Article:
Tag:Julie Roe Lach
Posted on: February 21, 2011 1:29 pm

NCAA to get more involved in recruiting

Posted by Tom Fornelli

It's been quite an enlightening year in the world of college football recruiting. We've learned a lot about the contact between players and agents in the recruiting process, as well as of alleged solicitation of money by player's parents. Which, when you get down to it, has shown that the NCAA has been on the outside looking in more often than not. I mean, if these are the cases that are being caught and brought to the public's attention, try and imagine everything that has gone on that we don't know about.

It seems that the NCAA has thought about this, and that's why it is planning on getting a lot more involved in the world of college football recruiting in the immediate future.
The NCAA enforcement staff will focus on football recruiting in a new way in the coming months, a project Vice President of Enforcement Julie Roe Lach has discussed with member institutions and the media since assuming her new position last fall.
The initiative – which is not guaranteed to lead to a football-focused, dedicated staff like the Basketball Focus Group – is part of a collaboration between the major-enforcement and agents, gambling and amateurism staff. The latter group made headlines last summer for uncovering various agent-related violations among football student-athletes at several Division I institutions.
Five investigators from major-enforcement and two from the agents, gambling and amateurism staff will spend the next several months building relationships in the football recruiting world (both scholastic and non-scholastic) and gathering information about what is happening in that sport. AGA Director Rachel Newman Baker will lead the group. The intent is to make sure the enforcement staff becomes as knowledgeable about football recruiting as it has grown to be about basketball recruiting.
“We have an idea of what’s going on, but we don’t want to assume anything,” Lach said. “We are trying to find out what the issues are that we need to be tackling. The idea is just to get more information."
In other words, instead of finding out what has happened after the fact, the NCAA plans to be in on the process as it's happening. According to our own Bryan Fischer, he talked to a couple of members of the NCAA that told him they were handing out cards to as many players and coaches as they could. This way both sides can remain in touch about what is going on during that player's recruitment, and could possibly help stave off any kind of trouble. It also sends a message to everybody that the NCAA is aware of what's going on, which may help keep violations from occuring.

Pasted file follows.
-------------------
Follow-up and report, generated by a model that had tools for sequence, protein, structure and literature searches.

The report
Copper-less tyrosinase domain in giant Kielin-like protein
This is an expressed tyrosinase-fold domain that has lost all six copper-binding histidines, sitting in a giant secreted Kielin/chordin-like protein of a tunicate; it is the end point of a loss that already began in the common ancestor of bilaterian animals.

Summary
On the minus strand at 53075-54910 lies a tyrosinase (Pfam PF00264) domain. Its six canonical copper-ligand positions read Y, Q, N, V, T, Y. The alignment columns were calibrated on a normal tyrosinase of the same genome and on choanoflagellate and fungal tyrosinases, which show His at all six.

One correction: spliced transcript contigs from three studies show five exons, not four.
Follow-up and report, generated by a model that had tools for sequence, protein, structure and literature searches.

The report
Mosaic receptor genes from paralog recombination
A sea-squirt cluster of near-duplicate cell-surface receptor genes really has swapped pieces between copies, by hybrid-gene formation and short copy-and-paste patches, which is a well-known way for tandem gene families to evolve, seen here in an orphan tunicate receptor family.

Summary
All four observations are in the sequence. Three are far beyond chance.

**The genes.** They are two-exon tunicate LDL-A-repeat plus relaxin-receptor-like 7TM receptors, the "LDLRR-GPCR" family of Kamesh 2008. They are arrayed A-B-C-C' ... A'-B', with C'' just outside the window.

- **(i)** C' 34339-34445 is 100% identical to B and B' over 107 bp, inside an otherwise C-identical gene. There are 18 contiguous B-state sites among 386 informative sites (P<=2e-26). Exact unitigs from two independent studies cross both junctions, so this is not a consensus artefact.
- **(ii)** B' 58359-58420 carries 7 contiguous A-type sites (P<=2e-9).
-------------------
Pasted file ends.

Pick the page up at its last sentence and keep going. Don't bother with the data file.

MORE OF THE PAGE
Now, while the NCAA still has a long way to go before it can clean up the world of recruiting in its entirety, it's nice to see that it has taken this important first step and that it's now a priority.
Posted on: January 18, 2011 1:42 pm

Q&A with Julie Roe Lach

Posted by Bryan Fischer

It’s been a busy few months for NCAA vice president of enforcement Julie Roe Lach. After taking over officially at the start of November, Roe Lach has been busy meeting with compliance officers and those connected with enforcement as part of the NCAA’s top-to-bottom review of enforcement processes. Additionally, she’s had to deal with several high profile cases that have attracted intense media attention. 

At the recent NCAA convention in San Antonio, Roe Lach took the time to discuss a number of topics, including new legislation, high profile cases and her thoughts on how busy the enforcement staff has become this past year. 

CBSSports.com: Although you’re not directly responsible, what’s been the reaction from the membership on the Ohio State and Cam Newton cases? 

Roe Lach: The cases you mentioned were decided by our Student-Athlete Reinstatement department, which is actually housed in the Academic and Membership Affairs branch. That group decides all athlete eligibility issues. I work in the enforcement side and we investigate and deal with institutional responsibilities, boosters, coaches, administrators. I don’t go and talk to them. If issues come up that’s one thing. (The compliance offices) understand there are different processes in play. Those discussions, if they have questions, comments, support, or concerns, would be directed towards our Academic and Membership affairs group. 

CBSSports.com: President Emmert said he will be introducing legislation that will look to close some of the loopholes regarding parents soliciting pay for play, do you have any details on the legislation? 

Roe Lach: There’s been a lot of input not just from the national office but staff, from our enforcement experience, the Academic Affairs group, also membership input. That’s part of what President Emmert has shared. I met with the football coaches earlier this week and shared the concept with them. President Emmert has also met with a group of their leaders and he’s working to get together with basketball coaches as well. Right now, it’s in concept form. The ideas are there but we want to make sure that we’re going to get it right. That’s why there’s not any emergency legislation being adopted at the convention. We recognize the need to bring in all the stakeholders and say, ‘What makes sense here, what doesn’t, what are we missing?’ We hope that by taking the time now, in the drafting process, that something concrete can go forward in April. Even then, if the board adopts it, it can still go out for comment if they want more input from the membership at that point.